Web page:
Results

We use finite size clusters of N = 2L2 sites (thus containing L × L unit cells) with periodic boundary conditions (see Fig. 1), which satisfy all symmetries of the infinite lattice18 (also see Supplementary information). Here L is the linear dimension of the cluster and we take L up to 36. We use the well established auxiliary field Monte Carlo technique13, which allows the statistical evaluation of the following quantity, where Ô is a physical operator, |ψR〉 (|ψL〉) is the right (left) trial wave function (not orthogonal to the exact ground state), and τ is the projection time. The exact ground state expectation value 〈Ô〉 of the operator Ô is then obtained by adopting the limit of τ → ∞ and Δτ → 0 for O(τ), where Δτ is the short time discretization of τ. This approximation – the so called Trotter approximation – is necessary to introduce the auxiliary fields13 and implies a systematic error, negligible for small Δτ (see Supplementary information).

First, we study both the spin structure factor and the spin-spin correlations Cs(R) = 〈Sr,A·Sr+R,A〉 at the maximum distance |R| = Lmax of each cluster for U/t = 4, where the strongest evidence of a spin liquid behavior was found in Ref. 2. Here Sr,A (Sr,B) is the spin operator at unit cell r on A (B) sublattice. As shown in Fig. 2b, our results show consistently a finite value of the antiferromagnetic order parameter for L → ∞, in sharp contrast to the existence of a spin liquid, i.e., spin disordered, ground state reported in Ref. 2.

Figure 2: Finite size scaling of spin-spin correlation functions for the Hubbard model on the honeycomb lattice at half-filling.
Figure 2

Spin structure factor, SAF, and spin-spin correlations at the maximum distance, Cs(Lmax), are denoted by triangles and circles, respectively. Here, L is the linear size of clusters containing N = 2L2 sites. Antiferromagnetic order parameter squared, , is estimated by finite size extrapolating SAF and Cs(Lmax) to L → ∞, namely, . Solid curves are fit of the data by cubic polynomials in 1/L. It is clearly seen that a consistent extrapolated value is obtained for both quantities SAF and Cs(Lmax), indicated respectively by triangles and circles at 1/L = 0. Error bars of the extrapolated values are computed with a resampling technique described in Methods. Insets show the expanded plots for large L. The fits are stable upon removal of the data for the largest (i.e., L = 36) or the smallest (i.e., L = 6) size, and the extrapolated value of Cs(Lmax) is always consistent with SAF/N within two standard deviations. Including the largest size calculations in the fits increases the extrapolated values slightly and at the same time gives more consistent values of Cs(Lmax) and SAF/N in L → ∞, thus clearly indicating that our present estimate provides an accurate lower bound for the AF order parameter ms. All data presented in this figure refers to Δτt = 0.1, because the Trotter Δτ error is essentially negligible (see Fig. 3). More details are found in Supplementary information.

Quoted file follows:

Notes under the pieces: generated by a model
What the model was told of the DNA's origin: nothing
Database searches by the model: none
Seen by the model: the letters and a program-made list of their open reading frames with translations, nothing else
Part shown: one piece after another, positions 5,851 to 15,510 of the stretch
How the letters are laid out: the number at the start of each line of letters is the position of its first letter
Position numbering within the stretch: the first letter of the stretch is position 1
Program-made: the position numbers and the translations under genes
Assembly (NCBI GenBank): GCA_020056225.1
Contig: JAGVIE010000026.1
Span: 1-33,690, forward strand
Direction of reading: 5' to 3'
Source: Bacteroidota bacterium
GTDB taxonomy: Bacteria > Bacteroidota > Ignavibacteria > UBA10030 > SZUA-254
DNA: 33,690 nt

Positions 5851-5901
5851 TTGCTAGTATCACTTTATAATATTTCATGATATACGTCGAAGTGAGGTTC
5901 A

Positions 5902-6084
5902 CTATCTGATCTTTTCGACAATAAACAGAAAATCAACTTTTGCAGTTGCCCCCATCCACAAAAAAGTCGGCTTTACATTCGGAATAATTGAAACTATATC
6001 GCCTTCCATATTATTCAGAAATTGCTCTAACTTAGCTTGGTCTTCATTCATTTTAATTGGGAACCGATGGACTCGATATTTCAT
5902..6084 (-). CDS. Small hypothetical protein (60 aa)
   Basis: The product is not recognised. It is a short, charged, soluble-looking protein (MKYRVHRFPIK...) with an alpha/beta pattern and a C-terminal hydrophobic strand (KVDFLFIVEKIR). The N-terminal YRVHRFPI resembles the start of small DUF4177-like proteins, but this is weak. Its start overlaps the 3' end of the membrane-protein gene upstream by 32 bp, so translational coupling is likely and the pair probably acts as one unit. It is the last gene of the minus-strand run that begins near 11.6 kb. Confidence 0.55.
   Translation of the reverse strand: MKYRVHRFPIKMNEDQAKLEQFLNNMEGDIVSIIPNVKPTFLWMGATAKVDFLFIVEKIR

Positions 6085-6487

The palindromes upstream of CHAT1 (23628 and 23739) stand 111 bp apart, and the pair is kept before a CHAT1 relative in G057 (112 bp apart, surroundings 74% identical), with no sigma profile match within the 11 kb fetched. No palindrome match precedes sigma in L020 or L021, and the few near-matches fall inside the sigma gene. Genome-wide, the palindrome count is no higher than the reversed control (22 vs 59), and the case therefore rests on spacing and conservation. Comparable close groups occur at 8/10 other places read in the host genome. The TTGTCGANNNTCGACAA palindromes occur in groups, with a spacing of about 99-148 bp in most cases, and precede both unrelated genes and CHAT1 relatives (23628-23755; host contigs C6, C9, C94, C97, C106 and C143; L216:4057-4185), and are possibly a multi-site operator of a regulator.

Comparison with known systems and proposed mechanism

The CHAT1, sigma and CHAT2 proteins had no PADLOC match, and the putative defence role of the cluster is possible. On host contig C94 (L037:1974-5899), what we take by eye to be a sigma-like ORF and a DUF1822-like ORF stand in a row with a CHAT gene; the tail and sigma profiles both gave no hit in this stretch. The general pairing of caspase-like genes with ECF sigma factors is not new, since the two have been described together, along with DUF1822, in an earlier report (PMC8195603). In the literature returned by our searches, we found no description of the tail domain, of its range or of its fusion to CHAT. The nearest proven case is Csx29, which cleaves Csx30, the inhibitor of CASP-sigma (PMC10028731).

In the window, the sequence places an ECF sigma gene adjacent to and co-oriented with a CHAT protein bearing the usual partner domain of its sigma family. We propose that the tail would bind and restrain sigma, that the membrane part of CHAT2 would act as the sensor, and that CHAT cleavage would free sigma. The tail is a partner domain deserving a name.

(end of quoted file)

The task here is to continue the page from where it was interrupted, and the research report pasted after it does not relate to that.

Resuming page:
By doing similar calculations for several U/t values (see Fig. 2 and Supplementary information), we find in Fig. 3 that ms approximately scales linearly with respect to U/t, i.e., ms |UUc|β, with a critical exponent , which is similar to the critical behavior (β = 1) predicted by the HF theory12. Although corrections to this almost linear critical behavior are obviously expected, they do not change much the critical value Uc at which the antiferromagnetic order melts, as clearly shown in Fig. 3. Our best estimate of the critical value is Uc/t = 3.869± 0.013, which is much smaller than the one (≈ 4.3) reported in Ref. 2. Note, however, that the critical exponent β may be different from the present estimate if the critical region is very close to Uc. In such case the accurate determination of β obviously requires much larger clusters which are not feasible at present.

Figure 3: The ground state phase diagram for the half-filled Hubbard model on the honeycomb lattice.
Figure 3

Antiferromagnetic order parameter ms (open squares) as a function of U/t. The error, due to the finite Δτ in the evaluation of SAF, is removed by quadratic extrapolations for Δτt = 0.1, Δτt = 0.2, and Δτt = 0.4 (see Supplementary information for details). The antiferromagnetic order parameter ms is obtained by finite-size extrapolating the square root of SAF/N, , as shown in Fig. 2. For comparison, ms estimated by finite-size extrapolating SAF for Δτt = 0.1 without the Δτ correction is also plotted (solid circles). SM and AFMI stand for semi-metal and antiferromagnetic insulator, respectively. Solid lines are fit of ms with the critical behavior ms = (UcU)β, for selected critical exponents β. β = 1 for the HF theory12, β = 0.3362 for the classical critical theory of quantum magnets19, and β = 0.80 ± 0.04 is the best fit of our data. In any case, the critical Uc ranges from Uc/t = 3.8 (β = 1) to Uc/t = 3.9 (β = 0.3362). Our best estimate is Uc/t = 3.869 ± 0.013.

Let us now evaluate the spin gap Δs. In order to avoid possible errors in extrapolating the imaginary time displaced spin-spin correlation functions, here we calculate directly the total energies in the singlet and the triplet sectors, with improved estimators, which dramatically reduce their statistical errors20 (also see Supplementary information). We can see clearly in Fig. 4a that the extrapolated spin gaps for different U/t values are always zero within statistical errors (e.g., the statistical error as small as 0.004t for U/t = 4).